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Saturday, July 23, 2016

How to Prevent Windows from Automatically Updating Specific Drivers

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Windows–especially Windows 10–has a bad habit of installing new updates for hardware drivers whether you want them or not. You could go big and simply prevent Windows from downloading updates altogether, or you might have luck blocking or hiding updates. But if you’ve got the Pro or Enterprise version of Windows, you can tailor your actions a little better by using Group Policy Editor to prevent the installation or updating of specific devices.


And of course, we have a caveat for you right off the bat: setting a policy to disable updates for a device prevents both automatic and manual updates of drivers for that device. So, if you want to update the driver yourself, you’ll have to disable the policy you’re about to configure, update the device, and then set the policy up again. That said, with a little preparation to minimize the hassle, we think you’ll find it worth the effort.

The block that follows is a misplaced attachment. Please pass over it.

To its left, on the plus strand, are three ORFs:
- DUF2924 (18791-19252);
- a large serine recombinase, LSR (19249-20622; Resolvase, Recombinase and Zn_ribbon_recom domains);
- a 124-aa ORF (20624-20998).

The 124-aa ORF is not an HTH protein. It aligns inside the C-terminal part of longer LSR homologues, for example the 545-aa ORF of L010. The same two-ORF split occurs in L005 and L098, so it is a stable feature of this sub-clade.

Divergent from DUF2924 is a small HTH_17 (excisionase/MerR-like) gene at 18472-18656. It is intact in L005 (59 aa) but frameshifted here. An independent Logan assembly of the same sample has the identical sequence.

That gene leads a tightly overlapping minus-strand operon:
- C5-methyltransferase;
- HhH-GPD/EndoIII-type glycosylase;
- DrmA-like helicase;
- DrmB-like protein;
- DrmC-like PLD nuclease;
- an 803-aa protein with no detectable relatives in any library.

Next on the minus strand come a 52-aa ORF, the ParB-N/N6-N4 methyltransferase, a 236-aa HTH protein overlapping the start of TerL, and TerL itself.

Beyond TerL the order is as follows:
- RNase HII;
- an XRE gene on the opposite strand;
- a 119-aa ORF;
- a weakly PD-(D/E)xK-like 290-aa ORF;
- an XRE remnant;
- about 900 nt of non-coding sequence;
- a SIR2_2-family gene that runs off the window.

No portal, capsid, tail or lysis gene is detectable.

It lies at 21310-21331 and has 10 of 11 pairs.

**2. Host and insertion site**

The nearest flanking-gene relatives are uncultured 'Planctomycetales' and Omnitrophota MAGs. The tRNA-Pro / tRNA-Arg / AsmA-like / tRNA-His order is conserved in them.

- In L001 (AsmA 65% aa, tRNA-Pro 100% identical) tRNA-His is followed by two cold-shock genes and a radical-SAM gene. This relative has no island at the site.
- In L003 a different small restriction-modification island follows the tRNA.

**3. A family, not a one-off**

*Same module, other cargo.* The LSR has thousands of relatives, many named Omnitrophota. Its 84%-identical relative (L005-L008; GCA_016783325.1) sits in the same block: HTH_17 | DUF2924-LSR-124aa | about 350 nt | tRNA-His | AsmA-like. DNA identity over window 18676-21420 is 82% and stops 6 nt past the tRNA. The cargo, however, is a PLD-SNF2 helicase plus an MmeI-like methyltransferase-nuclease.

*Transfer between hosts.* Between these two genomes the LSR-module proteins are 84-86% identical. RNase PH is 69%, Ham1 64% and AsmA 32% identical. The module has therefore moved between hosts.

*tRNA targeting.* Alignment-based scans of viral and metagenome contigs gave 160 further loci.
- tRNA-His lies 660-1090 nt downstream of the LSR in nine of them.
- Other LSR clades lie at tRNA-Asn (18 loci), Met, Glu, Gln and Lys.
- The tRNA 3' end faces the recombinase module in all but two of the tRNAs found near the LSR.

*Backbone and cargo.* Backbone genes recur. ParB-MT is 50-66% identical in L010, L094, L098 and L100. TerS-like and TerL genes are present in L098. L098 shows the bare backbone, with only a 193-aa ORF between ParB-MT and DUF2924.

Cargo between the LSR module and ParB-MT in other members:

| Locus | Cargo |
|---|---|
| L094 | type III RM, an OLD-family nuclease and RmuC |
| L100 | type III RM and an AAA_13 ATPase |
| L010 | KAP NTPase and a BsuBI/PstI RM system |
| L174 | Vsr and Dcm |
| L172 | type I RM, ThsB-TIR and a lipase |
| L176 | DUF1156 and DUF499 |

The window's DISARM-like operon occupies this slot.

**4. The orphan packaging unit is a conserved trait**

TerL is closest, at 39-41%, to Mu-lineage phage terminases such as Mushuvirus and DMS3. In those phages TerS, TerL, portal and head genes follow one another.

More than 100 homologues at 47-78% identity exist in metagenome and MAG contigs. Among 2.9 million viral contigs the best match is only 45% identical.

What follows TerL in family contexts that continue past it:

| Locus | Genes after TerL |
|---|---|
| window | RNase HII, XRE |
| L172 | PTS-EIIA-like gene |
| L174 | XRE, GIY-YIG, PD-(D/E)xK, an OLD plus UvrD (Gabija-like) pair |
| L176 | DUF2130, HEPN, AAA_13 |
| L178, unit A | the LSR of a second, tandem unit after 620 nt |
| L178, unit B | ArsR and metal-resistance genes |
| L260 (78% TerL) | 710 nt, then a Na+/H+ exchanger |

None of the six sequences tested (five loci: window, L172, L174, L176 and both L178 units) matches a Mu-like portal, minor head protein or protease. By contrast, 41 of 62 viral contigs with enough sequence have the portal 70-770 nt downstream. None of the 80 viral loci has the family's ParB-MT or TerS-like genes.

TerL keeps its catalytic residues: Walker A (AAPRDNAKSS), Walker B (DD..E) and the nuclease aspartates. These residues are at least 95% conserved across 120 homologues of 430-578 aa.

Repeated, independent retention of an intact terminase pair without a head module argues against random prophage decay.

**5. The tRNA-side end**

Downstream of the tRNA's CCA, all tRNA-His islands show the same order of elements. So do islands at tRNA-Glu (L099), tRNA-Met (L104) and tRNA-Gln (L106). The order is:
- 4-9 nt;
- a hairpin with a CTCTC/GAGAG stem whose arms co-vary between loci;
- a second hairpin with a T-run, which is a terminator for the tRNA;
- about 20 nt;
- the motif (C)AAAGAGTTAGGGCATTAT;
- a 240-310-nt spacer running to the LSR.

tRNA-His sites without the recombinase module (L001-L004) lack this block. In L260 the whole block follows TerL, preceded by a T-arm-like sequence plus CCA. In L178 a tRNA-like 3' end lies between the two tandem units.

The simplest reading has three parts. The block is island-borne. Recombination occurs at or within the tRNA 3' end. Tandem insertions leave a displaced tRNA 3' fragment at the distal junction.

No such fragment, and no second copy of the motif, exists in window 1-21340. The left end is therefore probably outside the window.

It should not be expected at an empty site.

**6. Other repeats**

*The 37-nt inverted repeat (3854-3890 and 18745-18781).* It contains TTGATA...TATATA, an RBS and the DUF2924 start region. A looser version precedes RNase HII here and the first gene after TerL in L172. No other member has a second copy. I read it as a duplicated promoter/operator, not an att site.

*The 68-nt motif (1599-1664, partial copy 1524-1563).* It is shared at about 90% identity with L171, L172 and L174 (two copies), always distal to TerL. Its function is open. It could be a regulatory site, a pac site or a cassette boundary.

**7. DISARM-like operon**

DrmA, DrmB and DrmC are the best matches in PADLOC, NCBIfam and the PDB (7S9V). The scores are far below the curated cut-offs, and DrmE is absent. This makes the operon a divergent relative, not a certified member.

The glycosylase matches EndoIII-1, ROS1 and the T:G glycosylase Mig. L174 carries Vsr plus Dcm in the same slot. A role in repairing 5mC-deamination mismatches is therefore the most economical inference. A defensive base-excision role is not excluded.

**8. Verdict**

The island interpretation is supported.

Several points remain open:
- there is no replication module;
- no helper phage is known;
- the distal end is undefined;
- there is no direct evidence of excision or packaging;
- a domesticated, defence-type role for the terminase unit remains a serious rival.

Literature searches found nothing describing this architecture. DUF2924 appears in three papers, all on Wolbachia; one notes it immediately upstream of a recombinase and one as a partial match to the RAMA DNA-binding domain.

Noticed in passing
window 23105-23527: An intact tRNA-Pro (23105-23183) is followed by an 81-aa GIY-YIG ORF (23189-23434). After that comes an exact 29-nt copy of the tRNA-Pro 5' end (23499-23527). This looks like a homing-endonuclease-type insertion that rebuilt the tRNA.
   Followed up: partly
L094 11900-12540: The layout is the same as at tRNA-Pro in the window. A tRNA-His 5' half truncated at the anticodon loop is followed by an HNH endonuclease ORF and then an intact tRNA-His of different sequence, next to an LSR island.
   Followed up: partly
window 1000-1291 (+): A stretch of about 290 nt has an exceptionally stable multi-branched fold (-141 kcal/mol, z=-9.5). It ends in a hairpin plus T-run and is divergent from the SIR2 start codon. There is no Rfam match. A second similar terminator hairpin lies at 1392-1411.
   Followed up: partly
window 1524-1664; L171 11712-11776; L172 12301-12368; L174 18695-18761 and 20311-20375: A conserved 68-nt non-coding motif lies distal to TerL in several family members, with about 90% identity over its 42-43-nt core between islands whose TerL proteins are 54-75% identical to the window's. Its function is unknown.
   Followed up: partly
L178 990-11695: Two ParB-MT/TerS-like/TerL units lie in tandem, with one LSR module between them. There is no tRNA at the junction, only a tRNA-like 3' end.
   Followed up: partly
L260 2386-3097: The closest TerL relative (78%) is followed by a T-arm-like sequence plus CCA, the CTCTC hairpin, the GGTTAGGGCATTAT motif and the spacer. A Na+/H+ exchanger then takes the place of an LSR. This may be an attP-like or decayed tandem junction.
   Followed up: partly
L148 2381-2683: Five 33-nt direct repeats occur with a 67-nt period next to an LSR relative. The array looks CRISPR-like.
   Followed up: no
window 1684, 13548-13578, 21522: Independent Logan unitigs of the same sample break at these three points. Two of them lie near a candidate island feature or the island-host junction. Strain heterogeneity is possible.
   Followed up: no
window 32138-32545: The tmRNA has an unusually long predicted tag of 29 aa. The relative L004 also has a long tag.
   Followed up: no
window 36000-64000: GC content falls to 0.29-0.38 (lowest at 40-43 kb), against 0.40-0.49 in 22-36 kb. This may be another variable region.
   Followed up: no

There are actually two steps to this process. First, we’re going to use Device Manager to find the hardware IDs for the device in question, and then we’re going to use Group Policy Editor to block installation or updating of the device that matches those IDs. Before you get started, though, you should make sure that the device has the driver version you want installed and that everything’s working properly.

Step One: Find the Hardware IDs for the Device in Device Manager

Your first step is finding the hardware IDs of the device for which you want to block updates. And for that, we’ll use Device Manager. Hit Start, type “device manager,” and then press Enter or click the “Device Manager” entry.